Virginia Chamlee and Tom Canfield toured at least a dozen homes in Jacksonville, FL before stumbling on the listing that would eventually become #projectbelvedere. The 1920s house offered everything that Virginia, a writer, and Tom, who works in the banking industry, had been looking for — a lovely neighborhood, plenty of historical accents and charm, a comfortable living space and the large kitchen that Virginia had always dreamed of. “Plus, I wanted something that could be a project — which it definitely was,” Virginia adds.
Turning their historic house into the right home for them didn’t come without hiccups. Shortly after buying the house, the couple decided to undertake a big kitchen renovation. Midway through, they discovered extensive water damage in the walls of another part of the house. The walls had to be taken apart and reconstructed entirely — “it was a worst case scenario kind of thing,” Virginia says. Just about a week after the damage had been fixed, Hurricane Irma hit Jacksonville. Even though Virginia and Tom were smack in the middle of their renovation and had no floors, they decided to seek refuge in their new home, since it was located further inland than the apartment they still lived in. “We lost power for over a week, and had some leaks, but fortunately didn’t see too much damage from the storm. Weathering a storm like that helped cement the fact that this house was our refuge (quite literally, in this case) and made me fall more in love with it. It’s nearly 100 years old, so it’s been through a lot. That makes it even more magical a place,” Virginia shares.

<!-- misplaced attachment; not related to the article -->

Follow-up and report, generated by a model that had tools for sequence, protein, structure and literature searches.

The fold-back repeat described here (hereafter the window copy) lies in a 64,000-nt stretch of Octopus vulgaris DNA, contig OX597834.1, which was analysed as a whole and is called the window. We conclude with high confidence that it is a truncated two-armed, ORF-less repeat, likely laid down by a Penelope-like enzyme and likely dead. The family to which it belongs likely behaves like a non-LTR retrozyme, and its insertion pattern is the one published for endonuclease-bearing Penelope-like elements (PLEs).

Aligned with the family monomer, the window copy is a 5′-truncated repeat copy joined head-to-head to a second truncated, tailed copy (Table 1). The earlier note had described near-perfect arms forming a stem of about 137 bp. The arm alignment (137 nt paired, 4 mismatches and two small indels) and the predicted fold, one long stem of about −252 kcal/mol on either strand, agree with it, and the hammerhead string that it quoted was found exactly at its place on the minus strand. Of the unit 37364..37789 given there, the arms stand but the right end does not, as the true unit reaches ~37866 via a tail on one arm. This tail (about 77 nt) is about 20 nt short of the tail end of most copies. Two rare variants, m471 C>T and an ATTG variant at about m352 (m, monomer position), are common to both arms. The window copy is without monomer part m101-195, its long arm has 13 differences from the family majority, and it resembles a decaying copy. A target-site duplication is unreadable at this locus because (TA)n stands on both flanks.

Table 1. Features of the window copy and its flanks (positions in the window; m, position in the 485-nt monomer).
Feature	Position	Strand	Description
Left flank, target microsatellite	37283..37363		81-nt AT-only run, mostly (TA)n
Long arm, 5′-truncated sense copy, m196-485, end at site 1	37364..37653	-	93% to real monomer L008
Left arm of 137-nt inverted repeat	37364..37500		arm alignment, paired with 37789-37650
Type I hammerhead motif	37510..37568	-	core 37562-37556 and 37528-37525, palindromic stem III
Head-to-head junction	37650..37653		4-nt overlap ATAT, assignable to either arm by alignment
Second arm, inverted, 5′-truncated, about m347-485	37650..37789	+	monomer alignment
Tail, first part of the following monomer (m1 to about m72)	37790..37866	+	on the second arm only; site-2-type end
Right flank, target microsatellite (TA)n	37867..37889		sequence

As the editor of Jacksonville Magazine, Virginia feels very connected to her city and is devoted to capturing its pulse. Experiencing a natural disaster like Irma really proved that something good can come out of even the most disastrous events. “The community really banded together after Irma struck— once the water receded, local businesses opened their doors so people could charge their phones or just grab a cup of coffee. We were new to the neighborhood and still felt very connected,” she explains.
Virginia found the two 1970s lithographs by artist Nancy Denison at an antique store. To make them pop, she chose Cole and Son Orchid wallpaper as the background. The chandelier is vintage, a piece that Virginia bought when she was 18. “I swore to put it in my future home. It sat in storage until we moved in,” she shares.
The uniquely shaped sofa was a Craigslist find and was designed by Vladimir Kagan. “The windows in this room are one of my favorite pieces of the house,” Virginia adds.